With the arrival of the holiday season, and many people adding new feline and/or canine companions to their households, this is a good time to review what to look for when choosing a pet.
If choosing to adopt a new puppy or kitten, it is important to wait until a pet is at least 6-8 weeks old before taking the pet home. Given that there are so many homeless animals throughout the country, I usually recommend people first consider looking at local humane societies and shelters for potential new additions to their homes. While the incidence of certain acute, infectious diseases may be higher in these environments, most can be managed with simple, supportive treatments, and an added bonus is that you will be saving a life by adopting from these places.
The pet should be in a good body condition, not being too thin or heavy. The coat should be shiny and lustrous, as well as free of dandruff and/or fleas and ticks. Since many pets in these environments are exposed to acute upper respiratory viruses and/or bacteria, it is important to look for animals that have minimal to no eye or nose discharges.
One should ask about any relevant medical history on any potential new pet, including any prior or current digestive issues, such as vomiting and/or diarrhea, as well as prior vaccination history and whether the pet is on any sort of heartworm and/or flea and tick parasite prevention program. I usually recommend a thorough veterinary exam within 5 days of adoption for a stool check and/or blood tests if needed to make sure that the animal is vital and healthy, as well as to discuss a long term health maintenance program with the new animal guardian.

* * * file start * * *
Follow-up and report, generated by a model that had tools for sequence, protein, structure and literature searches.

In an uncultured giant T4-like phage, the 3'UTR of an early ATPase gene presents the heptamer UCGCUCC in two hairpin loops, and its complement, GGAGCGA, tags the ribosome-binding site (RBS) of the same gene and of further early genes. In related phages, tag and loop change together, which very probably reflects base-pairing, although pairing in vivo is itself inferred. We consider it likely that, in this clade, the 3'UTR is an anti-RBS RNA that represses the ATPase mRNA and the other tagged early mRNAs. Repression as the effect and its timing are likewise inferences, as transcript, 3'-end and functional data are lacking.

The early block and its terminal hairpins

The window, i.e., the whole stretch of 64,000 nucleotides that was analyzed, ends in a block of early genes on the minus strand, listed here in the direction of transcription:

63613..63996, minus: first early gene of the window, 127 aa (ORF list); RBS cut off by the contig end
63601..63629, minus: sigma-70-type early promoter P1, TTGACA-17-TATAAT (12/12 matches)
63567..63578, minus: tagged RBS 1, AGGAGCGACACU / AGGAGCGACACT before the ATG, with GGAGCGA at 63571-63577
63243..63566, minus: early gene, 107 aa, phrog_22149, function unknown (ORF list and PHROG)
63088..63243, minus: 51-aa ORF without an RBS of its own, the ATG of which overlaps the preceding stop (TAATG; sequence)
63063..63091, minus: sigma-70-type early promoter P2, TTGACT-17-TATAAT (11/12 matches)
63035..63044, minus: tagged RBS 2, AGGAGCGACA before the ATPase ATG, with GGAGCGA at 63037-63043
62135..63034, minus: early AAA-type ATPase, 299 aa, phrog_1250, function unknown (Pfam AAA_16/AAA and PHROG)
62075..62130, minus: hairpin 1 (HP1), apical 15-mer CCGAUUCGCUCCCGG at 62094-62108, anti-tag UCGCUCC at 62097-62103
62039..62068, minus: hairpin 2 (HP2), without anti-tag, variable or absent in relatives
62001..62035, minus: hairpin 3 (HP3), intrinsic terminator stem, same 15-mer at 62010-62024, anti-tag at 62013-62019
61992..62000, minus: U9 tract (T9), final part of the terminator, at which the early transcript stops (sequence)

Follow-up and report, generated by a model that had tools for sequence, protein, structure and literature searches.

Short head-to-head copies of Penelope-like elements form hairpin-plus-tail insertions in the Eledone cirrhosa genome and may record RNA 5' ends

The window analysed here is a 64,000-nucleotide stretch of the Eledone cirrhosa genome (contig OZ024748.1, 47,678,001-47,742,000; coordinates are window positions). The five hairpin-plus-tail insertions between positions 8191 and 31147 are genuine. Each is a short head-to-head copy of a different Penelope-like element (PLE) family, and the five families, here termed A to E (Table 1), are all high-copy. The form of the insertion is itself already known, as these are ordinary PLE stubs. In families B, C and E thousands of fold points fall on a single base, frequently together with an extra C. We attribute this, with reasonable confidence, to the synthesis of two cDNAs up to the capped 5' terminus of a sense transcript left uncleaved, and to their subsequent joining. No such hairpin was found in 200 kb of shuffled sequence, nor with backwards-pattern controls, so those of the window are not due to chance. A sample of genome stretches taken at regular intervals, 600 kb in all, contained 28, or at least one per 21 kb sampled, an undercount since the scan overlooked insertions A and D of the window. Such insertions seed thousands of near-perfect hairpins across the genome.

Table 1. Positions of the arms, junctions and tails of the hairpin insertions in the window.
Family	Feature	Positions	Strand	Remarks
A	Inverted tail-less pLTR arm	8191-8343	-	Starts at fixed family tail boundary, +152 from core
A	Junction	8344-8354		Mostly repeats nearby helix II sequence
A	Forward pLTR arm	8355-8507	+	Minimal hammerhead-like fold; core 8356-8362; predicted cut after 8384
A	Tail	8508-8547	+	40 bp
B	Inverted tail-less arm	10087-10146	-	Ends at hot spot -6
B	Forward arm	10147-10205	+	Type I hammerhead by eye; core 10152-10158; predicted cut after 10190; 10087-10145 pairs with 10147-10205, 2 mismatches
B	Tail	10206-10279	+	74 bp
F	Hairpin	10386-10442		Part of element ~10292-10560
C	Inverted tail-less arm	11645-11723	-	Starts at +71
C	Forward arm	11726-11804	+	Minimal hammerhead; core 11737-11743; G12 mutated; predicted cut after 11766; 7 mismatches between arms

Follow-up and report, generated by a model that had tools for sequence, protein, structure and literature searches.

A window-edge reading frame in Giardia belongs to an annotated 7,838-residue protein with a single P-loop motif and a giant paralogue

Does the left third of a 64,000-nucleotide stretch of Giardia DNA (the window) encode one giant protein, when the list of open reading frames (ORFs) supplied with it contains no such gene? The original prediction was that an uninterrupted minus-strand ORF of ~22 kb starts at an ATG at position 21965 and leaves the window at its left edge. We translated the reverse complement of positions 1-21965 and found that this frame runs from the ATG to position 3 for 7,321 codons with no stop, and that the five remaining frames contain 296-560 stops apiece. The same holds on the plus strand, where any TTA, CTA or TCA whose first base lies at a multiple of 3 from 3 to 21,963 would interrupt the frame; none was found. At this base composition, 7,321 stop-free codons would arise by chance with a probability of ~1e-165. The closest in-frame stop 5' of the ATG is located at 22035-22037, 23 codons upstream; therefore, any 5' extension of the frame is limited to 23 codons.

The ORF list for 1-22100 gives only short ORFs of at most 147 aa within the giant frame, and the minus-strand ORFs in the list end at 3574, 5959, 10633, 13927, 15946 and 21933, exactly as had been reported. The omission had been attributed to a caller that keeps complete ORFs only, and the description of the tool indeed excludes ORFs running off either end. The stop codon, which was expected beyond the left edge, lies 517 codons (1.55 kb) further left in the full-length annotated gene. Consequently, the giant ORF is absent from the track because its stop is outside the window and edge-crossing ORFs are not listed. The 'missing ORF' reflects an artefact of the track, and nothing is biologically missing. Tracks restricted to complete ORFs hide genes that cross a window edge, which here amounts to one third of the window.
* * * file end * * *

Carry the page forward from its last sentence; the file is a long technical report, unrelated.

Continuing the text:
For my clients who choose to purchase or adopt pure breed dogs from breeders, I will usually suggest the more holistic-oriented breeders, who have a more minimalist approach when it comes to vaccination, as well as feed their lines a more species-appropriate healthy diet, such as raw meat fed dogs or those on minimally processed natural diets. One should always ask breeders about potential genetic diseases in any of their lines, as well as even getting a few personal references on a breeder before making the expensive purchase. In my experience and opinion, I have found dogs adopted from more natural-oriented breeders typically have generations of pets that are healthier and have much less incidence of chronic and/or immune mediated diseases that are plaguing many pets today.